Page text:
Received 16 November 2015; accepted 11 April 2016; published 14 April 2016
The ever worsening energy crisis across the globe has triggered large scale research projects to identify economical, eco-friendly and sustainable sources of alternative fuel  . Of those numerous alternate options as suggested by scientists, biofuel is a promising source to combat the Damocles’ sword of energy crisis. Jatropha curcas, one of the most productive and widely experimented biofuel tree plants has been known for its high oil content of seed and its potential to grow on marginal lands with lesser requirements of water and fertilizer  . The oil extracted from the seeds of this energy plant can be utilized for running low power engines and has been used to power different agricultural machinery  .
Although, Jatorpha curcas seeds are pretty rich in oil content, it has shown low productivity of 625 - 1875 kg∙ha−1∙yr−1 and lesser physical vigor  . It is therefore essential to carry out studies to figure out a suitable yield-increasing strategy for Jatropha plant. Since this tree plant has only limited genetic diversity, it becomes difficult to address the above mentioned issue through conventional breeding programs  . An alternate way to encounter this problem, as has been experimented by various researchers, is to induce mutation through seeds of Jatropha plant  to develop a new variety that may possibly give higher per hectare yield. Research studies have reported that application of colchicine increases the chromosome number and thus leads to bigger seed and flower sizes. As suggested by  , cholchicine doubled the number of chromosomes in watermelon, thus leading to bigger seeds.  reported similar results for ginger plant when treated with colchicine.
Since Pakistan is one of those countries where climatic conditions largely support the growth of Jatropha crop, the current research therefore involves the use of colchicine to induce tetraploidy in Jatropha so as to develop a new variety that would possibly produce greater yield.
2. Materials and Methods
Seeds of Jatropha curcas were taken from 2 years old mature Jatropha plants. In order to mutate the seeds, different concentrations of colchicine were taken. Besides, seeds were soaked in those concentrations for different number of hours (6, 12, 24, 48). The colchicines concentrations were 0.25, 1.25 and 2.5 mM and the set of seeds untreated with colchicine was taken as control in this experiment. Completely Randomized Design was used in this experiment in which there were three replications for each treatment while 10 seeds of Jatropha curcas were taken in each replication.
The treated seeds were grown in green house conditions. The experiment was conducted from March 2014 to May 2015 (90 days). At the end of the experiment, plant characteristics like stomatal density and the size (length and width) of guard cells were determined.
3. Statistical Analysis and Experimental Design
The experiment was framed using completely randomized design (CRD) ANOVA (Analysis of variance) was carried out and mean values of treatments were compared using DMRT (Duncan’s multiple range test).
4. Results and Discussion
As depicted in Table 1, stomatal density of Jatropha curcas does not seem to have been significantly affected by the colchicines treatments. Although the stomatal density has increased with increasing the colchicines concentration, the highest stomatal density was achieved with treatment T11 (1.25 mM, 24 hours of soaking). Stomatal density is an important parameter while considering the growth performance of a particular plant species. Since stomata is the gateway of gaseous exchange for plants, higher density of stomata leads to more vigorous growth of plants  .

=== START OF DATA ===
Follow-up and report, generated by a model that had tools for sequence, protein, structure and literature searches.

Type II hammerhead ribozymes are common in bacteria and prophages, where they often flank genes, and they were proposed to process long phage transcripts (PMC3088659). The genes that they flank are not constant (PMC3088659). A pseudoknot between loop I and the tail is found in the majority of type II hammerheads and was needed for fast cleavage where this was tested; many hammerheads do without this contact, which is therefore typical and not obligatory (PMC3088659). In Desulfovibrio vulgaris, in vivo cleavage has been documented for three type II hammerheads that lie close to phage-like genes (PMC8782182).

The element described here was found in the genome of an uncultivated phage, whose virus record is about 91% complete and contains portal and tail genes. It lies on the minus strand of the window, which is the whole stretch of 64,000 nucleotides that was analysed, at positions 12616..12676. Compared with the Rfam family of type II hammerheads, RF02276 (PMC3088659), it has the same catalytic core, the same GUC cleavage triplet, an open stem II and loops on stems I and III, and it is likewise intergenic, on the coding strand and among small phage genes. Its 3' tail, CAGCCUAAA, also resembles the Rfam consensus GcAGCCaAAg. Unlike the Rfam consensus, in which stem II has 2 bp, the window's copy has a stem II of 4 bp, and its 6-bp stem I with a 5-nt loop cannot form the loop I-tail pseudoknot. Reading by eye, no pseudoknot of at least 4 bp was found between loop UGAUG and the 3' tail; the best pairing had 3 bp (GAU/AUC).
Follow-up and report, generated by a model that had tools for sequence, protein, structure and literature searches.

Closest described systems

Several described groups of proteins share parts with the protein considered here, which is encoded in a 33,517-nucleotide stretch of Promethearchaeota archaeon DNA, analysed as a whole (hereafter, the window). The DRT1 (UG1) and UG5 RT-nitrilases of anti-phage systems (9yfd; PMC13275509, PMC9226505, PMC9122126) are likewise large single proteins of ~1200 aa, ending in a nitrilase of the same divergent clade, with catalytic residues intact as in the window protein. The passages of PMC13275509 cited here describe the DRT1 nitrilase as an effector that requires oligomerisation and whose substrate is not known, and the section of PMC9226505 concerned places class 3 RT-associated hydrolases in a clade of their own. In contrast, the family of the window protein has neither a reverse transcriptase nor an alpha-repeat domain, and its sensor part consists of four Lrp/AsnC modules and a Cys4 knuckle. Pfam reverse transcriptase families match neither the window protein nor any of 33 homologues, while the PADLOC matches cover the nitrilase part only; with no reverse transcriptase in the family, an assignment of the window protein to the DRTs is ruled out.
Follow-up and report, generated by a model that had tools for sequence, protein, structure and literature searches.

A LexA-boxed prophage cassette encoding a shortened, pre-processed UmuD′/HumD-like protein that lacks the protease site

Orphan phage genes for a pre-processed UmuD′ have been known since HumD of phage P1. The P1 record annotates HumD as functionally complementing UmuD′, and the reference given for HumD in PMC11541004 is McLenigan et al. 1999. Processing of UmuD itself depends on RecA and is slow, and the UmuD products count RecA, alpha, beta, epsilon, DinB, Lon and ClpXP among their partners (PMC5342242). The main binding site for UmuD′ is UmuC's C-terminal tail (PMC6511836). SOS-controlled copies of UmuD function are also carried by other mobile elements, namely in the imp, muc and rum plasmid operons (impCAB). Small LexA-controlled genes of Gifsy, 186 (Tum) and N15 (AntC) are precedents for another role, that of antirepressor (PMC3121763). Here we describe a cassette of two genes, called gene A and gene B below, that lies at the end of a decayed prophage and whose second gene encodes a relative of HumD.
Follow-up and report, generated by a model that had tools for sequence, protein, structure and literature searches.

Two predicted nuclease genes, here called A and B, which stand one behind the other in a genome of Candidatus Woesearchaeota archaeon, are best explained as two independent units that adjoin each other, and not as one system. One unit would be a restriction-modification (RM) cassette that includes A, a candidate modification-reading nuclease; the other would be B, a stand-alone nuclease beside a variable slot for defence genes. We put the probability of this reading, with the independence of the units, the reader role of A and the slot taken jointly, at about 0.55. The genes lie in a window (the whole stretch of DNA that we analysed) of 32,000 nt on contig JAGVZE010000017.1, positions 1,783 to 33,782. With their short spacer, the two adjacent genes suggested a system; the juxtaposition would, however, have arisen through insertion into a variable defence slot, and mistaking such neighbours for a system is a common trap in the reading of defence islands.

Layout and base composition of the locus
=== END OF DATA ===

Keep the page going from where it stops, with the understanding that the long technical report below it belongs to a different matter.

Length of the guard cells was significantly affected by the application of colchicine. Length of the guard cells seems to have been minimum at lower and highest concentrations of colchicine. At moderate concentrations, maximum value was obtained for this parameter. Highest value for the length of the guard cells was obtained at treatment T6 (0.25 mM, 12 hours of soaking). Similarly, the width of the guard cell had also shown significant response to the application of cholchicine. The induction of tetraploidy brought significant difference to the plant growth by affecting the width and the length of the guard cells. The width of the guard cells was recorded maximum in treatment T3 (0 mM, 24 hour). Although there was no trend observed in the reading, yet an increase in the concentration and soaking duration seemed to have negatively affected the width of the guard cells
Table 1. Effect of colchicine application on various growth parameters of Jatropha curcas.
in Jatropha plants. As suggested by  , the significant difference in width and length of guard cells was possibly due to the fact that most of the normal seeds were diploid (colchicine was not applied). However, when different concentrations of colchicine were applied, it would have resulted in different types of mixploidy. Induction of tetraplidy, as would be expected by application of colchicine treatments, would have caused difference in the size of guard cells among the mutant seed plants.
This research study has highlighted the possible outcomes of application of colchichone on Jatropha seeds through seed soaking. The study showed that the application of colchicine brought changes in the ploidy level and the results were reflected in terms of variations in the value of width and length of guard cells on mutated Jatropha plant leaves. The growth parameters of the tetraploid plant were however lower as compared to the normal normal Jatropha plants which indicated that the subsequent yield would also be lower as compared to the normal Jatropha plants.
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